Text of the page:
Hilarious howler? The scam that resulted in Graeme Souness signing the hapless Ali Dia for Southampton in 1996 takes some beating. Most offensive assault? On-field, special mention for Paolo Di Canio’s shove on referee Paul Alcock at Hillsborough in 1998, but Roy Keane’s foul on Alf-Inge Haaland had the added ingredients of meticulous planning before the event and a puffing-out of the chest in Keane’s biography afterwards. Off-field was obviously Eric Cantona at Crystal Palace in 1995.
Most crippling financial millstone? Portsmouth are the only Premier League club to go into administration, although many clubs can trace their own struggles in the Football League directly to the costs of having tried too hard to stay in the top flight.
Too many clubs to list here — you’ll know if yours was one of them — all dropped below the Championship as they tried to balance the books.
Bradford City’s 86th position of 92 in the top four divisions is the lowest by any team to have been relegated from the Premier League, and the Bantams have occupied it for the last two seasons.
Looking at the next 20 years, a key question is whether the Premier League can maintain its position as the self-styled ‘best league in the world.’
In all likelihood its development will have less to do with the pulsating denouement of the only title race to be decided on goal difference than by the sort of commercial considerations that gave birth to the competition in the first place. The Premier League will have to evolve to stay ahead of the emerging rivals. Russia and the Middle East are investing heavily in football as part of their World Cup preparations, and clubs in China are being linked with experienced players seeking a final payday.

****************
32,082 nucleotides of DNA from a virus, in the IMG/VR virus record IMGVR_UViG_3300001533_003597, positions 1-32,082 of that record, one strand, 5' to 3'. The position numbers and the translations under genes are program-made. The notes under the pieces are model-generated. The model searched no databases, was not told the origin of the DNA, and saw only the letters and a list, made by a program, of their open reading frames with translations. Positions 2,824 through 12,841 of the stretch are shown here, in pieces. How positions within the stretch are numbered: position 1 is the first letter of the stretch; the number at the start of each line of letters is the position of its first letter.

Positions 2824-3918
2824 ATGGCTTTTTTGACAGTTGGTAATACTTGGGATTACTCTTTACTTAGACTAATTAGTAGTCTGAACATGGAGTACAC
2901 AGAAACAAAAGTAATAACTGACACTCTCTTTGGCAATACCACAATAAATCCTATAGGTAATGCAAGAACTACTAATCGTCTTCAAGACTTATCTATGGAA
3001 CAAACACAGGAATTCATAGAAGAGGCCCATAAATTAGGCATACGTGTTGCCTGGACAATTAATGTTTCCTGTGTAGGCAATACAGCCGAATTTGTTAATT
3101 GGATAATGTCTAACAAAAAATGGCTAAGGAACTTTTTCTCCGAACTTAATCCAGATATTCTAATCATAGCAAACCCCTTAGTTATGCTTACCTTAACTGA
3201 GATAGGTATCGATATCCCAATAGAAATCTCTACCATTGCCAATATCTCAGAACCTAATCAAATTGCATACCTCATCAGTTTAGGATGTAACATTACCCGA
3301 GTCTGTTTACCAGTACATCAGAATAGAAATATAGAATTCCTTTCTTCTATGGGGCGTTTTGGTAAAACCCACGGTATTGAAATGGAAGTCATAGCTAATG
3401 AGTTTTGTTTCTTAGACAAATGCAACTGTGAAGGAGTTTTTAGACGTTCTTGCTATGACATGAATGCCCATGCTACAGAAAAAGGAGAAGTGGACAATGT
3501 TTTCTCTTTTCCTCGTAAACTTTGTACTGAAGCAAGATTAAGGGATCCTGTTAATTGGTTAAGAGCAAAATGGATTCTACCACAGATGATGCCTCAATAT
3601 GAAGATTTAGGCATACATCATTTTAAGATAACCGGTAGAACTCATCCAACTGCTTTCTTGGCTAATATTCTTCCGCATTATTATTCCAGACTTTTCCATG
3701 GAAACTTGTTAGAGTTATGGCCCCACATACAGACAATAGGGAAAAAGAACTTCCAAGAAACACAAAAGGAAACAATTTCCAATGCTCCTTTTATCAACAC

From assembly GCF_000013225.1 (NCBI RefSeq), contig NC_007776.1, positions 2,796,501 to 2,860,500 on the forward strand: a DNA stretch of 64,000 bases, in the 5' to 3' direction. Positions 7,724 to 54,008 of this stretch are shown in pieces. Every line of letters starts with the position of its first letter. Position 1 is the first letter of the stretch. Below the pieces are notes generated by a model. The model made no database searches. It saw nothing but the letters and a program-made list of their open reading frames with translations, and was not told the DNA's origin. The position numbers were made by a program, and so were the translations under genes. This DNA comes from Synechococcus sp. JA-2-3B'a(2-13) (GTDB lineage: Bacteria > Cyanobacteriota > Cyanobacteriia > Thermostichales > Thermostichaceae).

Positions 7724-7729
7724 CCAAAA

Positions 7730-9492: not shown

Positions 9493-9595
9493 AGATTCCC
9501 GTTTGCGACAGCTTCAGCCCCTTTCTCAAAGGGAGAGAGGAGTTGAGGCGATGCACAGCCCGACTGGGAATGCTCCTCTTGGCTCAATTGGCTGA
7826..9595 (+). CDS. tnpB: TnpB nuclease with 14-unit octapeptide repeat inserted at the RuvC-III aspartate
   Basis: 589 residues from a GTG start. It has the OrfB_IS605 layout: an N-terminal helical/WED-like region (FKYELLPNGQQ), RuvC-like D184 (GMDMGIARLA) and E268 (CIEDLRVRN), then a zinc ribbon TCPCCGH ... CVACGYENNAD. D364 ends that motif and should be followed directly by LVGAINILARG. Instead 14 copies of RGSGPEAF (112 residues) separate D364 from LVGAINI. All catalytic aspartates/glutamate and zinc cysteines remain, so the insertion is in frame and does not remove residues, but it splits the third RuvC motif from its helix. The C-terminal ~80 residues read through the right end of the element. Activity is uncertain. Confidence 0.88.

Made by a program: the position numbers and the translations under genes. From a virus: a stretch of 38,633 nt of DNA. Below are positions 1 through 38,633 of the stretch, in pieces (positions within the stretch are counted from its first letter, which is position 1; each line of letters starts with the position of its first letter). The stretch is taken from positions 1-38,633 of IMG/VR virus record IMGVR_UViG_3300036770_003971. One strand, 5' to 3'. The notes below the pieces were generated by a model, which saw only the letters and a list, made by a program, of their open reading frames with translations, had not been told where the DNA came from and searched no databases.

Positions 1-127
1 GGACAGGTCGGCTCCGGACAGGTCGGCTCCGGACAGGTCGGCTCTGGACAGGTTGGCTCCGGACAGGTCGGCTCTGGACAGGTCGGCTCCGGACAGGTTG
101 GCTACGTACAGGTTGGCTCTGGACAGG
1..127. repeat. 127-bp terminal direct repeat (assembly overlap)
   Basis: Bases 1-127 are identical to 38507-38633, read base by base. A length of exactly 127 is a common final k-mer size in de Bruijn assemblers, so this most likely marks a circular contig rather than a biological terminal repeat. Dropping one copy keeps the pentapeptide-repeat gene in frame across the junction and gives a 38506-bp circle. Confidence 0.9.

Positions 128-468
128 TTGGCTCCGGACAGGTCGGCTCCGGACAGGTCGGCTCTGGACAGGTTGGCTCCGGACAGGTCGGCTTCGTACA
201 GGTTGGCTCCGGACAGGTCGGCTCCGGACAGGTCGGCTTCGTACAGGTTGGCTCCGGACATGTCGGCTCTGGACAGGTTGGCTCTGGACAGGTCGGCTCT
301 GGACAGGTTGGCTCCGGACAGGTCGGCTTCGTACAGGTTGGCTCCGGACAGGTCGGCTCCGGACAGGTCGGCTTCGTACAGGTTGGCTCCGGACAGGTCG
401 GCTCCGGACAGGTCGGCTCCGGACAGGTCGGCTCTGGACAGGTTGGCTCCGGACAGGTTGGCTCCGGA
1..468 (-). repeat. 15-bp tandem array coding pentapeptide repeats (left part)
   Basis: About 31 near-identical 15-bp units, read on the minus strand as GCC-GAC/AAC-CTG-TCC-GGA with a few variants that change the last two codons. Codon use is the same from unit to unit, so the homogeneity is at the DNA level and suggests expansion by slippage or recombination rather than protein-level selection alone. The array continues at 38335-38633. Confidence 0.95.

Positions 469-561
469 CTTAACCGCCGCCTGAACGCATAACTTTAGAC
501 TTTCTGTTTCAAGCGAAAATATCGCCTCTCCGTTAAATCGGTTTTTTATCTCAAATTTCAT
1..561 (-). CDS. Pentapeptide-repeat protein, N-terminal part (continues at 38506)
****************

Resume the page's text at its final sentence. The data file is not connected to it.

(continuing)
Every now and then another idea emerges as owners of Premier League clubs attempt to make the cake even bigger. There was the suggestion of a 39th game to be played overseas, and more recently the notion that relegation to the Football League be scrapped to help clubs plan their finances more effectively.
It is the rejection of that last point which presents an interesting opportunity for the Football League. To mark the 20th anniversary of the top clubs breaking away, the remaining 72 should seize the initiative and serve notice that they intend to ban promotion to the Premier League.
It would deny the 72 the chance of ever becomin0n Premier League champions. But only Blackburn Rovers, promoted into that first Premier League campaign and champions in 1995, and now Manchester City have won the title after climbing from the Football League.
And both clubs only made it to the top because money was no object; they had the resources to literally change the game. Promoted clubs can generally expect to cling to their new status, paying handsomely to lose far more games than they win, for a season or two before dropping back into the Championship.